Foster Swift Municipal Law News
November 12, 2018
If passed, Michigan Senate Bill 637 will create the Small Wireless Communications Facilities Deployment Act (the Act.)
The general goal of the Act is to help wireless companies expand fifth generation (5g) cellular technology by removing or streamlining many of the legal and physical barriers for wireless companies.
For local governments, the Act presents a unique set of challenges since it would provide wireless companies the ability to construct, modify, maintain, and operate wireless facilities in the public rights-of-way with little oversight, regulation, or input from local governments. In effect, the Act provides that small cell wireless facilities are permitted uses not subject to zoning review or approval, except in single-family residential areas.
Additionally, the Act’s “collocation” provision targets existing infrastructure, allowing wireless companies statewide to attach their hardware to existing utility poles within the public rights-of-way, and operate under a uniform permit process with limited local restriction and fixed costs.
The permit process is complicated due to its heavy regulation under the Act. Significant for local governments, the fixed rates proposed by the Act could undermine existing contracts between municipalities and wireless providers.
The proposed law would dictate the ways in which municipalities can “prohibit, regulate, or charge” wireless companies working, not only within their jurisdiction, but upon their own public utility infrastructure.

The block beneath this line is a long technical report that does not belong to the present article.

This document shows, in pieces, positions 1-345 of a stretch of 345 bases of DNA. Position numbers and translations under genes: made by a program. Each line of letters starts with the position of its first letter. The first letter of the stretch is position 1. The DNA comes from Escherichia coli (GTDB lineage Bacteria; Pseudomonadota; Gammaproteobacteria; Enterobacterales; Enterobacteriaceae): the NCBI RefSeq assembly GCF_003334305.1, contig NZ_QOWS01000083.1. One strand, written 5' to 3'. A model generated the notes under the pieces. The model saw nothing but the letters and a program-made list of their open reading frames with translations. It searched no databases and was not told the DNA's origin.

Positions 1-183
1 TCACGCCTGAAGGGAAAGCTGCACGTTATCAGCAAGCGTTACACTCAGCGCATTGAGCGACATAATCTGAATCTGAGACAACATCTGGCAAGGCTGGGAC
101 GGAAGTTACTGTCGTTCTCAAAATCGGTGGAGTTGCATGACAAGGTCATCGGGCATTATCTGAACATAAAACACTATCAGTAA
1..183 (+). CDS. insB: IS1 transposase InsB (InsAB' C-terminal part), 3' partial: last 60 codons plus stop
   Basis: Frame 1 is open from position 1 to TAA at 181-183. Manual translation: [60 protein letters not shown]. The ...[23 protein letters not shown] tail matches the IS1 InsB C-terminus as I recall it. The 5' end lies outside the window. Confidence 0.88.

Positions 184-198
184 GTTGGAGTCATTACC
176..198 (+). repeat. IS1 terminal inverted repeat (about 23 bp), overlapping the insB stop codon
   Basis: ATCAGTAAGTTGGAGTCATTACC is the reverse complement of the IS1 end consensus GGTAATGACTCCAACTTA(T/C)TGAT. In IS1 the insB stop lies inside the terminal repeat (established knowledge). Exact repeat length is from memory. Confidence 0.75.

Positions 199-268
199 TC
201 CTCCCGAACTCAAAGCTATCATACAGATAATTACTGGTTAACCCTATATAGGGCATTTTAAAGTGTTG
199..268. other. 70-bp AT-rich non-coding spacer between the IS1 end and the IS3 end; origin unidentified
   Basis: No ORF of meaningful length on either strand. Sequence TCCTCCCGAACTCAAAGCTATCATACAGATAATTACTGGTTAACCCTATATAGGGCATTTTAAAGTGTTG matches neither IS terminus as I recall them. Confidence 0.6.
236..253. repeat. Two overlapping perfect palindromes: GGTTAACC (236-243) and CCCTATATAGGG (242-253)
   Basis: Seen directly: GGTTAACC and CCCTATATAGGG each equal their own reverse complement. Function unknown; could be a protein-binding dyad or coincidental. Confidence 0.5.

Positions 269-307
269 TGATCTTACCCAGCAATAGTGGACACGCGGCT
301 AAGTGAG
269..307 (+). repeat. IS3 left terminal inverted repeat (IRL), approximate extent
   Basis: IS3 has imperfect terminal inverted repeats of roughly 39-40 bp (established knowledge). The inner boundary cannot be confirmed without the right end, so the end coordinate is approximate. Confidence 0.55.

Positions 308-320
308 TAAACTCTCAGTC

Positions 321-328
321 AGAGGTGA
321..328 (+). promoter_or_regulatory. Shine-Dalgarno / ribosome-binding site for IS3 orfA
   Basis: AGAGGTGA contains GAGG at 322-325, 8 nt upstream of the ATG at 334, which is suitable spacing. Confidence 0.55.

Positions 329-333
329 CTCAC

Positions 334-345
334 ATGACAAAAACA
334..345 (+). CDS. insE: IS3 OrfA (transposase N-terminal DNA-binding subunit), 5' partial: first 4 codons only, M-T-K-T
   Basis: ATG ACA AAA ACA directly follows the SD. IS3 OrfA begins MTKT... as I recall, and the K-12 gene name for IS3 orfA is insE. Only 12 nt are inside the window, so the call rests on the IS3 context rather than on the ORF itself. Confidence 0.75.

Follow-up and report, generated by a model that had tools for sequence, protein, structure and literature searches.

Since many local governments already have contractual agreements with wireless providers defining the terms of that relationship, the Act would require modification of those contracts within 90 days.
Also, under § 13, ¶ 3 of the Act, municipalities would be limited to charging wireless companies $20.00 annually for each existing utility pole they install their hardware upon and $125.00 annually for each new pole or support structure they build within the public right-of-way.
The Act as currently drafted also will regulate the application process, including setting maximum application and processing fees for permits, and will limit the bases on which a municipality may deny an application, which could be at odds with existing local regulations.
The bill earned Senate approval in March and is currently in its second reading in the House of Representatives.
The bill was recommended without revision by the House Committee on Energy Policy and experts claim it is likely to pass.
With that in mind, municipal governments are wise to begin preparing for an influx in permit applications and the legal implications that are likely to arise, including amendments to existing ordinances and/or agreements.
Questions about community impact, fee assessments, application processing, or statutory interpretation may be directed to an attorney within the Municipal Group at Foster Swift.
If you have questions related directly to this article, contact Mike Homier at 616.726.2230 or at email@example.com or Alex Thibodeau at 616.726.2209 or firstname.lastname@example.org